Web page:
ED (evildevil) wrote in ontd_political,

Remember the GOP's efforst for rebranding... yeah... what happened about that?...

GOP rebranding effort flames out

Rep. Eric Cantor (R-Va.) generated the kind of buzz other politicians covet when he launched his bid to help rebrand the Republican Party last spring.

Television crews and reporters wedged themselves among the crowd of party faithful to cover the National Council for a New America's first event at a packed pizza parlor in an Arlington, Va., strip mall. The resulting coverage dominated cable news chatter for the next week. Sarah Palin and Mitt Romney were also on board.

But the council has since flamed out – at least publicly.

Since its launch, the National Council hasn’t held a single public event, despite more than 5,000 invitations to take their show out on the road. Congressional ethics rules limit what Cantor can do with the group because he launched it from his leadership office, making it harder to organize events and recruit partners. Despite that caution, the group is still taking heat from outside watchdog groups that argue he is violating the spirit, and perhaps the letter, of those rules.

Furthermore, the Council has come under criticism from conservatives, like former Arkansas Gov. Mike Huckabee, who made fun of the group for creating a “listening tour” inside the Beltway “bubble.”

The low profile is quite a contrast to the May launch party.

When Cantor unveiled the Council, the timing was perfect – it was a dark period for Republicans, and the party was looking for new ideas and new faces to counter-balance the fawning press coverage of President Barack Obama's 100th day in office. The week of its unveiling, Pennsylvania Sen. Arlen Specter switched parties and became a Democrat, an announcement that fueled another round of negative stories for the party – and drew more attention for Cantor's new group than organizers had planned.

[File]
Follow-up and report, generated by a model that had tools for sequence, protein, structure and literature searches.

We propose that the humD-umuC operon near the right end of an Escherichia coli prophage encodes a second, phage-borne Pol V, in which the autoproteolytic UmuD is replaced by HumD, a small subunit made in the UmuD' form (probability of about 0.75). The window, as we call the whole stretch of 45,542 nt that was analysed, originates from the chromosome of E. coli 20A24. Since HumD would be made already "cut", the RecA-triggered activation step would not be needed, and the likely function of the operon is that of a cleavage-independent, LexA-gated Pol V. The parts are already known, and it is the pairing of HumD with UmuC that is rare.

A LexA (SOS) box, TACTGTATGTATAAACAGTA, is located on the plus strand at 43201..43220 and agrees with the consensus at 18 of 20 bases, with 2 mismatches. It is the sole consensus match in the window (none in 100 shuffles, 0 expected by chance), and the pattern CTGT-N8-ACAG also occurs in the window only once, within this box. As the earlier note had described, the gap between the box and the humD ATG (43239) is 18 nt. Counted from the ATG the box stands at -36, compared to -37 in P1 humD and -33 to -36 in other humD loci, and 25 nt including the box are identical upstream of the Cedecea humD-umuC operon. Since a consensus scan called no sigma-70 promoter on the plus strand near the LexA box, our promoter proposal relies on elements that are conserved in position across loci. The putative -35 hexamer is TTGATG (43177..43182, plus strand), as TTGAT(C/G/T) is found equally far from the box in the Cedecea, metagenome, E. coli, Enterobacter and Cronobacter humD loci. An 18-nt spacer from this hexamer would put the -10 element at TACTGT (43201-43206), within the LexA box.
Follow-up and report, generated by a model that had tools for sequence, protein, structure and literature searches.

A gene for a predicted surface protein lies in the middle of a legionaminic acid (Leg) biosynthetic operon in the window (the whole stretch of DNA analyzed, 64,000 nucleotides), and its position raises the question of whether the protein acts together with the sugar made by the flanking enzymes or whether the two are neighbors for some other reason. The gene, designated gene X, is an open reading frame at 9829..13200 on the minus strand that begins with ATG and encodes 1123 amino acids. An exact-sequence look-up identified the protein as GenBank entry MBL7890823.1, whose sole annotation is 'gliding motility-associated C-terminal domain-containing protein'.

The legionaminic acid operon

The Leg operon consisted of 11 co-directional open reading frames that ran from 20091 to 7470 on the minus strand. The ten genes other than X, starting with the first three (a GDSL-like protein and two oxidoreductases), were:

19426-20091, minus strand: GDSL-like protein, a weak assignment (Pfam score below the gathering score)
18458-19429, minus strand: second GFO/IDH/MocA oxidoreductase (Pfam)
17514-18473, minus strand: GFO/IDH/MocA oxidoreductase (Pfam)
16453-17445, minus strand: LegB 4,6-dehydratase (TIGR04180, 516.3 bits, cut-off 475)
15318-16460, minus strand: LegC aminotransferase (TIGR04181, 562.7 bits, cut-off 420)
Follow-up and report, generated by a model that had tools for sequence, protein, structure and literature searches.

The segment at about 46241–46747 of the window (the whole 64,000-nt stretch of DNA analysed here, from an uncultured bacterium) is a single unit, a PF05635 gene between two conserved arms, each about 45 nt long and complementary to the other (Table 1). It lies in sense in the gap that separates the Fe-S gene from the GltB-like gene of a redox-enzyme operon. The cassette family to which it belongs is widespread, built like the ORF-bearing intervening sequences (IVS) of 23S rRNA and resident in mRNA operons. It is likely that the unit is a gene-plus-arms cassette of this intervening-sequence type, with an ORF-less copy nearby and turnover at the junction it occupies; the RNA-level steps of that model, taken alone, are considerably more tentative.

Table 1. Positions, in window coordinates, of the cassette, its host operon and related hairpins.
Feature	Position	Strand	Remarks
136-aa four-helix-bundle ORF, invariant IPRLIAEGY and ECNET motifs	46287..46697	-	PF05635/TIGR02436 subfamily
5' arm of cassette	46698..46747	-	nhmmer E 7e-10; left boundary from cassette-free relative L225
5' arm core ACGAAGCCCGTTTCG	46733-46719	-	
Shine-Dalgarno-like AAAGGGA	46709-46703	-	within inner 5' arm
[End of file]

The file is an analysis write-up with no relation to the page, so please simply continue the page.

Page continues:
“The massive national buzz surrounding NCNA was largely media driven, in large part due to coincidental timing with a perfect news cycle,” said Cantor spokesman Brad Dayspring.

The rollout, Dayspring said, “was designed to build credibility” for the new policy forum, and it wasn’t meant to be a “prolonged campaign-style organization.”

At that first event, Cantor told the crowd at Pie-Tanza that they were launching the group, in large part, because "Our party has taken its licks over the last couple of cycles.”

And Jeb Bush counseled his fellow Republicans “not to be nostalgic about the past.”

But the National Council for a New America hasn’t done much about the party’s future in the days since.

Its biggest event since the launch has been a webcast to about 100,000 online visitors to Pajamas TV, a conservative website. The Council plans to hold future events with Pajamas TV in the fall, and it is looking to establish partnerships with other Beltway media organizations, including Politico. Members of Cantor's staff are also processing the 5,000 invites to figure out a good spot to hold the next forum, but ethics rules make traveling in support of the National Council more difficult than if it were a campaign-related activity.

Democrats – and some Republicans – have since derided the group for failing to capitalize on the early buzz. The Democratic National Committee issued nine press releases slamming the group shortly after its launch.

“The first event was designed to launch a concept – an idea to unify Republicans and speak with common voice about real issues facing Americans and their families,” Dayspring said. “Once the organization established credibility, we never operated under any time table. That notion is partisan spin designed to set false expectations.”

Organizers understood that it would take time to develop an organization and establish its credibility with voters, and this summer’s busy congressional schedule has hampered those early efforts to organize, Dayspring said.

And even if the group itself is not publicly claiming credit for any new ideas or outreach beyond the Beltway, its members remain active. Recently, Barbour and former Speaker Newt Gingrich, met with Cantor’s whip team to talk strategy in the health care fight.
Tags: eric cantor, republican party
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